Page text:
We never knew Barney, but we liked Betty Hill, and always felt that she was sincere in her statements and beliefs. Her 1961 experience set the standard for what are now called "greys", though her aliens looked a bit different from what is now the norm.
It's sad that there is such a large number of deaths (none of them mysterious) of leading saucerers in the past few years. Hopefully new people will replace them. Further along, in the Letters section of this issue, we have a brief discussion of the recent death of former astronaut Gordon Cooper, who was apparently more of a UFO buff than any of the other astronauts.
TIDBITS OF TRASH
The October 2004 issue contains articles about an alleged alien hybrid and also about reptilians. There is, however, a well-done piece about Nikola Tesla, though of course this has nothing to do with UFOs. Stanton Friedman presents a somewhat incoherent treatise on his differences with SETI. There is also an interesting article about an "impressive" crop circle in Ohio. The link between UFOs and crop circles has never been firmly established.
We decided to interview retired MUFON czar Walt Andrus by phone about all this, especially in regard to the fact that MUFON's journal circulation has dropped to about 2,400 from a peak of over 5,000 during the 1999-2000 period. He correctly believes that the 9/ll disaster has a lot to do with this, as people's minds are more than ever focused on national security. Andrus spoke of two alleged chupacabras that have recently been shot & killed in his home state of Texas. Though still having no connection with UFOs, this story should be most interesting when it comes out...
FLASH: There's a book just out featuring the Flatwoods (West Virginia) Monster - now known as the Braxton County Monster. Author Frank Feschino Jr. uses both terms in his title: "The Braxton County Monster: The Cover-Up of the Flatwoods Monster Revealed". The publisher is Quarrier Press of Charleston, W.Va.
Your "Smear" editor has been through Flatwoods many times, when visiting the late, great Gray Barker, who lived very near there during his last years on earth. We never reinterviewed the witnesses, however. Barker wrote one of the two original reports on the incident, which occurred on the night of September 12th, 1952. The other report was written by the late Ivan Sanderson.
The famous Monster, or whatever it was, was seen by a woman named Kathleen May and a group of local boys who went up a hill to investigate the crash of a fireball of some sort. According to Ms. May and other witnesses, the group came upon a 12-foot-high metallic creature perched in a tree. The creature spewed oil on Ms. May's clothing, and it emitted a noxious mist which sickened those who came near it. The little group ran back down the hillside in disaray, and soon contacted appropriate authorities.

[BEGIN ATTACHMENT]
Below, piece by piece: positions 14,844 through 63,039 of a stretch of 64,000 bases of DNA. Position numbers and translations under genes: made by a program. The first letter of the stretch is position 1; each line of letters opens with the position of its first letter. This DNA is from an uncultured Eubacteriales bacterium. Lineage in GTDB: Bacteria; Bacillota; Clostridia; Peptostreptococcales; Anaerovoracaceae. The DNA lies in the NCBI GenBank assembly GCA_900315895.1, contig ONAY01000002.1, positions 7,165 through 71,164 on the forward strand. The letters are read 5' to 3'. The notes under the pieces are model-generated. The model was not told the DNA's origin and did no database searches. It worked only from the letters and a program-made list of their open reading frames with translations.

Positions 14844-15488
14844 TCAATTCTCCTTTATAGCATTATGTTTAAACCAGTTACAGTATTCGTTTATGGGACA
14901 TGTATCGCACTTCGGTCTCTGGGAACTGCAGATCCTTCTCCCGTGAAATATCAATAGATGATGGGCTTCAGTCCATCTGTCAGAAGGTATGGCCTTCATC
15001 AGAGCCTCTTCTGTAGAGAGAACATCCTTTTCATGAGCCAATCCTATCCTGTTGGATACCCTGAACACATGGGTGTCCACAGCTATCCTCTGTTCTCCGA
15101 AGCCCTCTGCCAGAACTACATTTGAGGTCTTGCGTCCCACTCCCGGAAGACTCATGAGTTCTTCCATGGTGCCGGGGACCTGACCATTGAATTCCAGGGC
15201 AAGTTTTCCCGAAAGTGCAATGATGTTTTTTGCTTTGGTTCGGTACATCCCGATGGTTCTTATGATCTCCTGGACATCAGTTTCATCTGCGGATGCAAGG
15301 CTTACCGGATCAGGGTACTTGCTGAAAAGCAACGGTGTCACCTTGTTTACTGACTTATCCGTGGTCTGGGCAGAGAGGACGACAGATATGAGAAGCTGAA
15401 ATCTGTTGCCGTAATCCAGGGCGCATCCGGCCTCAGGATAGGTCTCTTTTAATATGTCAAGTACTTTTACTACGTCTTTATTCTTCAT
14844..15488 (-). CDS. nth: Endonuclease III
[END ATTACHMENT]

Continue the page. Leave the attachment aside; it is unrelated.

Ms. May, who is still alive, was honored two years ago at a 50th anniversary celebration near Flatwoods. Also present was Frank Feschino Jr. and the inevitable Stanton Friedman. Friedman, who is running out of steam with his "Cosmic Watergate", has jumped on several new bandwagons in recent years!
Incidentally, Gray Barker died twenty years ago this month, and we still miss him as much as ever. (Our thanks to researcher Tom Benson for this item, from the Net.) ...
It turns out that Sutherly was merely away, in Canada, on temporary duty for his military bosses. He's back home now, and back in touch.
This time I'm taking a slight detour from my personal reminiscences of the Golden Age of Saucers to review an important contribution to the study of that age. Never fear, next time it's back to tales from my saucer-haunted youth.
If ufology is ever to emerge from its marginal status on the fringes of scientific respectability, it's volumes such as Richard Hall's new "Alien Invasion or Human Fantasy? The 1966-67 Wave" that will make it possible (152 pp., large-format paperback, $29 including s&h, from the Fund for UFO Research, P0B 277, Mount Rainier, Md. 20712).
As loyal "Smear" non-subscribers, especially the Really Olde Ones, well know, the UFO sighting wave of 1966-67 was a watershed for ufology. It brought serious and thoughtful demands from the mainstream media and, in turn, the U.S. Congress for an independent scientific investigation. It gave us "swamp gas" as an almost universally understood joke and characterization of the U.S. Air Force's approach to the problem. It also brought us, for better or worse, the emergence of Stan Friedman and one James W. Moseley as lecture-circuit stars. Sadly, it ended in frustration for those of us who had high hopes, when the Air Force-funded University of Colorado UFO Project proved to be not so independent and not so scientific.
However, the wave also left us with a rich, deep vein of data. Ufological graybeard Dick Hall has done an outstanding job of compiling 787 sighting reports from what he rightly calls "the Mother of All UFO Waves" (the Father was the wave of 1952) and putting them into historical context with his highly readable and concisely informative introduction. This is a volume densely packed with information. Sighting distributions are displayed on U.S. Census maps throughout and on a color national map in the appendix, relating sightings to population densities. Many sighting summaries are illustrated with genuinely illuminating rather than sensational drawings based upon witness descriptions. Salient features of the sightings - shapes, colors, times of day, reported physical effects, occupants and interactions with them, radar contacts, unusual maneuvers, luminosity, and more - are collected, related, and compared in an extensive set of color bar graphs.